He stared at the sweater for a moment. "Oh, my God," he said. "She's been working on that thing for weeks and I never noticed."

"Well, you can't see it till you're a ways off. It's pretty neat," Raf added.

I made a mental note to congratulate Maggie the next time I saw her. I didn't know diddly about knitting, but even I could tell it was an amazing piece of work. It was getting close to one o'clock, so we made a pass through the food area and climbed into the bleachers for the horse pulling contest armed with nachos, corn dogs, a gyros, fried zucchini, and three beers. And that was just for me...

Kidding, kidding! We all worked on the food, passing it around after a few bites and moving on to the next flavor as we watched the horses do all the work. They dug in their toes and flexed their huge butts as the owners yelled and flapped the reins on their backs. They started with a certain weight on the cart and you had to pull it across a line. Then they'd hook the next horse on the other end of the cart and pull it back to the other line. Back and forth, adding more weight until by the third round horses began to drop out, and then it was down to Bill and two other guys. They all knew one another and stood around shooting the shit while the judges and crew loaded the cart. The first guy had a gray horse that was smaller than Brownie but really powerful, and he made it across the line. Then Bill and Brownie pulled and made it. The last guy's horse just couldn't haul the load all the way and the guy stopped him before he busted a gut or whatever horses do when it's just too much for them.

By this time our food was gone, we'd made another beer run, and we were totally into watching the pulling. This was another example of something I never thought I'd be doing. Hell, I didn't even know horse pulling contests existed until I'd met Bill. Now I was all wrapped up in the outcome and was ready to take on anyone who said Brownie wasn't the best horse in town.

The gray horse backed up to the weight cart, its owner talked to it for a second, then stepped off to the side and slapped the reins. The horse set his chest into the harness and leaned until his nose was almost on the ground, but he couldn't even get the cart started before the 30-second buzzer went off. I was just about to ask Evan what that meant when the announcer said that Bill not only had to get going but he had to cross the line to win. If he didn't cross the line, the winner would be the horse with the fastest time in the previous round. This was getting tense, so we bought ice cream from a vendor who came walking through to cool ourselves off.

Bill backed Brownie up, hooked him to the cart, and then picked up the reins in both hands. Instead of slapping Brownie with them, Bill just said, "Hut!" Brownie leaned into the harness like the gray horse had, and for a long moment it looked like nothing was happening. The crowd was yelling encouragement but the three of us were holding our breath. After about fifteen seconds, which is a hell of a long time for the poor horse to be straining with every muscle in his body, I thought Bill would call him off, but just then the cart broke loose and rolled forward a few inches. Brownie moved one hind foot forward by about the same amount and dug in again. The cart kept rolling, and the crowd came to its feet in a wave of noise that drowned out the announcer. Brownie crept forward, foot by foot, with Bill walking by his hip, talking to him, until the cart crossed the line.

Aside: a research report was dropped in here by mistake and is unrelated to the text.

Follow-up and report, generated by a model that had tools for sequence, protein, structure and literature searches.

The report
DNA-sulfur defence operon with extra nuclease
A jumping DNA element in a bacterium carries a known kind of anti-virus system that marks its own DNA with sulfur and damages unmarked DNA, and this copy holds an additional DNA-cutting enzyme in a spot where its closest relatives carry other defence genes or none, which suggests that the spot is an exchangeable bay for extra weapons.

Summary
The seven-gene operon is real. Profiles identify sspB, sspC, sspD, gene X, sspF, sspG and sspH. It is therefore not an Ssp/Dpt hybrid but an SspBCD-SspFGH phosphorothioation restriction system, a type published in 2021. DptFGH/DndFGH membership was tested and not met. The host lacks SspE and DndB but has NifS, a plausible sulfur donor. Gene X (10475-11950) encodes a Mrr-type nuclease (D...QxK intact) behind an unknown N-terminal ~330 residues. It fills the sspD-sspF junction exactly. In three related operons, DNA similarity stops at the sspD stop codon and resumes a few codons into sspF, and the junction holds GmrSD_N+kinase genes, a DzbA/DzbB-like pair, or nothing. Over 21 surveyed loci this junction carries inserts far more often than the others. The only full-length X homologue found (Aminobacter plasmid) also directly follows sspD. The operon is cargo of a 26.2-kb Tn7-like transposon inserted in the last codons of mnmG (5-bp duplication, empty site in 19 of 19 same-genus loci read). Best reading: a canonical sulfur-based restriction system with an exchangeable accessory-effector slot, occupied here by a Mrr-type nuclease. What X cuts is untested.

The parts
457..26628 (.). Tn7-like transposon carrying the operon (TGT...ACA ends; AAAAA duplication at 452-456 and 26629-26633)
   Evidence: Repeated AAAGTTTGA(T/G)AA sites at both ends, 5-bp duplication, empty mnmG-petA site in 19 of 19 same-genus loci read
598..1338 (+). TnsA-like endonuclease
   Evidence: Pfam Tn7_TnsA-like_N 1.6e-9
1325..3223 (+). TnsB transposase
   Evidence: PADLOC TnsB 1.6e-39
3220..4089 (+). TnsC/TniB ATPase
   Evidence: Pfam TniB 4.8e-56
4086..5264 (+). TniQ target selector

We leaped around, high-fiving each other and yelling like Brownie had just won the Kentucky Derby, instead of a small-town county fair horse contest. But, as I was discovering, celebrating the small stuff was what made it special. Bill and the other two guys accepted their ribbons and Bill led a tired Brownie back to the barn. We clambered down the bleachers and followed along, careful not to step in the piles of horse shit.

"Congratulations!" Evan called when we got close.

Bill looked up from unbuckling all those buckles. His grin was huge as he gave Brownie a couple hard pats on his massive behind. "Yeah, he did good."

"He did great!" I said, as I rubbed his big flat forehead. Having the mares in the field had taught me what horses liked, and Brownie closed his eyes as I moved to his ears, scratching behind them as he lowered his head.

We hung around until Bill had Brownie hosed off and back in his stall, then we walked through the carny booths where Raf won a large blue stuffed elephant by throwing baseballs through a small hole. We bought a 6-pack of cinnamon rolls on the way out, stopped by our place for Chewy and Raf's truck, then headed to Raf's where we found Kenny floating around the pool sound asleep with an open book face down on his chest.

"Sleeping beauty," I called, waving the blue and white box as we walked out onto the patio. "We brought ya somethin'."

Kenny yawned and stretched, then squinted at the box for a second before his face lit up. He paddled over to the edge of the pool, snagged a roll and ate it in three big bites, then took another one and pushed off. We were hot and dusty from the fair grounds, so it only took us a couple minutes to strip to our shorts and jump in with him. We told him all about the pulling contest, and the 800 pound hog, and the goats, and Maggie's sweater, and the food.

"Sounds great," he said as he licked his fingers clean before dabbling them in the pool to get the final bit of stickiness off.

"It was," I replied. "It was awesome."

And I meant it. Today at the fair had been the perfect ending to a really good summer. Evan and I were settling in under the same roof, learning many little things about each other in the process, and being pleased to find that we meshed well as a couple.

Brendan's visit had been a pleasant surprise in many ways – that I had family I actually liked, that Brendan was a neat kid, someone whose company I enjoyed, and that maybe Barb and I could mend whatever damage there was between us, for Brendan's sake, if for no other reason.

It had been hands down the best summer of my life, and that was a damn good thing, because, although we didn't know it yet, it was about to be a weird and frightening autumn.